Medina was characteristically polite but stood his ground.

“I’m going to have to push back here,” he said. “Did Council member (Bry) want to allow scooters to be dropped off wherever they are? That would not have been her first choice. But there’s a political reality in City Council. You’ve got to get five of nine votes. We tried to ban them from the boardwalks last year and, not to sugarcoat it, but it was a disaster. Only two people voted yes and now, I’m sure residents of Mission Beach can testify just how bad it is on the boardwalks right now.”

Medina explained how, following a May 29 meeting at Panikin Coffee & Tea with representatives from LJTC, CPA, La Jolla Parks & Beaches and the La Jolla Village Merchants Association, he decided to recommend an amended scooter-corral map to the City with 22 residential corrals removed.

Finally, Medina prompted laughter from the audience when he said: “It’s very important to note that this is all the Mayor’s plan.”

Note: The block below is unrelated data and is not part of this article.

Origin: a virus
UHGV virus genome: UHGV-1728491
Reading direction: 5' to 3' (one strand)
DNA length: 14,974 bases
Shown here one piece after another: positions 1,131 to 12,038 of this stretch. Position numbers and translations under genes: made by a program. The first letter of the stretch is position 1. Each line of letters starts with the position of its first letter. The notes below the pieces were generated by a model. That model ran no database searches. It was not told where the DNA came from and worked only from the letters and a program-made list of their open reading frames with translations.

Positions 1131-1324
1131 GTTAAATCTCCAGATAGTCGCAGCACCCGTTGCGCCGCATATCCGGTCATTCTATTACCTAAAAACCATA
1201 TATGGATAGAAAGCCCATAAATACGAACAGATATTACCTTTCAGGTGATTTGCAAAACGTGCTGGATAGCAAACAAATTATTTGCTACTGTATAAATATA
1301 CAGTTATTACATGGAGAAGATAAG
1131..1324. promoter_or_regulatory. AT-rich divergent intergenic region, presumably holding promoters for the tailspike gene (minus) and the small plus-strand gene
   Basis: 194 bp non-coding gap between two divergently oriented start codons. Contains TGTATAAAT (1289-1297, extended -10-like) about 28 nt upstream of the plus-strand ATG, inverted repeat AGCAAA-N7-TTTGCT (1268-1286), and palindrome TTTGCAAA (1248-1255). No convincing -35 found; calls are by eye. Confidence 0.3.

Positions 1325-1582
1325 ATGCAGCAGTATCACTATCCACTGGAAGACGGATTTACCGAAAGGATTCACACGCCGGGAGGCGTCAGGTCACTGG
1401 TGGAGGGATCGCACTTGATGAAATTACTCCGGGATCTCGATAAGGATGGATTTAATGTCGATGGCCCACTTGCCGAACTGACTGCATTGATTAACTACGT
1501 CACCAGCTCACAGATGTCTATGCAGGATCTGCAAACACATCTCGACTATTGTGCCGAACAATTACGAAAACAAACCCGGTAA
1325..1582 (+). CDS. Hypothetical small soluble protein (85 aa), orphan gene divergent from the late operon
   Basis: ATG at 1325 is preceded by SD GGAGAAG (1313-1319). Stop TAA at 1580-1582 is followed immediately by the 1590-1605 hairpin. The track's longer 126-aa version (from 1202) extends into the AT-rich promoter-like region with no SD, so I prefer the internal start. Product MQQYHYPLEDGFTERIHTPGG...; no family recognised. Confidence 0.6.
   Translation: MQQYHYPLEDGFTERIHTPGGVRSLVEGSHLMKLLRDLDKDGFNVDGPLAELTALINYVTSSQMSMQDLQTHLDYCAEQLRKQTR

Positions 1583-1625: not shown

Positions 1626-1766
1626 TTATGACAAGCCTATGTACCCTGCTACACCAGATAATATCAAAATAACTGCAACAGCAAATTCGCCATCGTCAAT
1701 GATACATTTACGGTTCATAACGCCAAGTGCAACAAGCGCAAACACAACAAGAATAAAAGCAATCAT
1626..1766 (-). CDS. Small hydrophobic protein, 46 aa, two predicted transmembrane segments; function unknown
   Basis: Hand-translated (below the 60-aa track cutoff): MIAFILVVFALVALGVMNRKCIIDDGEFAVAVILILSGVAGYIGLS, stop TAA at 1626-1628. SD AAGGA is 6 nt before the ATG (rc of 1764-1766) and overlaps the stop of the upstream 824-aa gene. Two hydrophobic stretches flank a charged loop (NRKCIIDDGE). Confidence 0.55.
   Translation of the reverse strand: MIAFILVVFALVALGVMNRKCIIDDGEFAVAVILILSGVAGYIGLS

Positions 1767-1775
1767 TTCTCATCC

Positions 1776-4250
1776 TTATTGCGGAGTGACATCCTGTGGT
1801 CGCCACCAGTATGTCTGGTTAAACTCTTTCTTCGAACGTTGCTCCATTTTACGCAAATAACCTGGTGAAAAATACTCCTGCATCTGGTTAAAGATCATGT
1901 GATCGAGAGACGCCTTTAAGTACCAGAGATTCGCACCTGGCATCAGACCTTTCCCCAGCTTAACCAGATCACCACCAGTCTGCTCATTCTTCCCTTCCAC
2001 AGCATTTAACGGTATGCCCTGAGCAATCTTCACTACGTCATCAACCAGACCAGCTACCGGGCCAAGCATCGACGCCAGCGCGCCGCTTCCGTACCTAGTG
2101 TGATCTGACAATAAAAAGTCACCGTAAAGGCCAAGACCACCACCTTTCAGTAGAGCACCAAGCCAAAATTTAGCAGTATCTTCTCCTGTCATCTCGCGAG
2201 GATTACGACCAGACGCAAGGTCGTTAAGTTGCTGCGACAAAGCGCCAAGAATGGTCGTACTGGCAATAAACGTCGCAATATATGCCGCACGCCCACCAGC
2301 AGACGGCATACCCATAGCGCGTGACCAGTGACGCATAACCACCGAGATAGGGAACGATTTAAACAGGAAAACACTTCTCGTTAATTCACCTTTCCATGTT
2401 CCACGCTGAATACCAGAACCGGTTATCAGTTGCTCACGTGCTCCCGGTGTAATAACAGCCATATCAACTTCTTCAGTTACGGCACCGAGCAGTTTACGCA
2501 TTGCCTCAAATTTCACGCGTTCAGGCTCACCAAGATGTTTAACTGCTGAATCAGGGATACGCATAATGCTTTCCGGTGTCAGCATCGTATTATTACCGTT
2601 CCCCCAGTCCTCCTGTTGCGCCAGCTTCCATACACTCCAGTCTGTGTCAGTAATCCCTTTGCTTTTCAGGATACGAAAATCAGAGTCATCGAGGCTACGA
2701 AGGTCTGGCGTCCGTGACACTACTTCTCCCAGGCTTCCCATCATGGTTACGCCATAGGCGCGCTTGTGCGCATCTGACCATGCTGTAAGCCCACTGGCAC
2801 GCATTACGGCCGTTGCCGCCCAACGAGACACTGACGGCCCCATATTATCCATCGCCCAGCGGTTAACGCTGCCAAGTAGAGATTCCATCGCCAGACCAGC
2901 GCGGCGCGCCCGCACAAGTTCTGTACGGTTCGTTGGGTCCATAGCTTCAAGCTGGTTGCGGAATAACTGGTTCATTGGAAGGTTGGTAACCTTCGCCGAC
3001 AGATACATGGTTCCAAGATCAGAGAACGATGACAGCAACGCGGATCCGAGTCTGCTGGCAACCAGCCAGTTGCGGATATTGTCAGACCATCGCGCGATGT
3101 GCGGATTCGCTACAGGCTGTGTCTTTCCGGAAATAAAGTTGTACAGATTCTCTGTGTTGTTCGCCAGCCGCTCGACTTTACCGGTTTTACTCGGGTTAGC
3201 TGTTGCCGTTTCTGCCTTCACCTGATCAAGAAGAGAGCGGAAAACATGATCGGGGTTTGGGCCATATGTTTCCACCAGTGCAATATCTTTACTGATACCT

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While brainstorming the resolution, LJTC president Ann Kerr Bache clarified that her organization is not opposed to dockless scooters.

“It needs to be regulated a little bit better,” she said. “The locations have to be better. We have to stop impacting residential areas, and maybe look into getting some more revenue.”

T&T chair Dave Abrams was in the audience during the meeting, taking notes. Afterward, the Light asked if he looked forward to moderating the scooter squall at his board’s next meeting.

“I can handle it,” he said, laughing. “You have to remember, I was president of the CPA back when things were really contentious.”

More LaMattery battery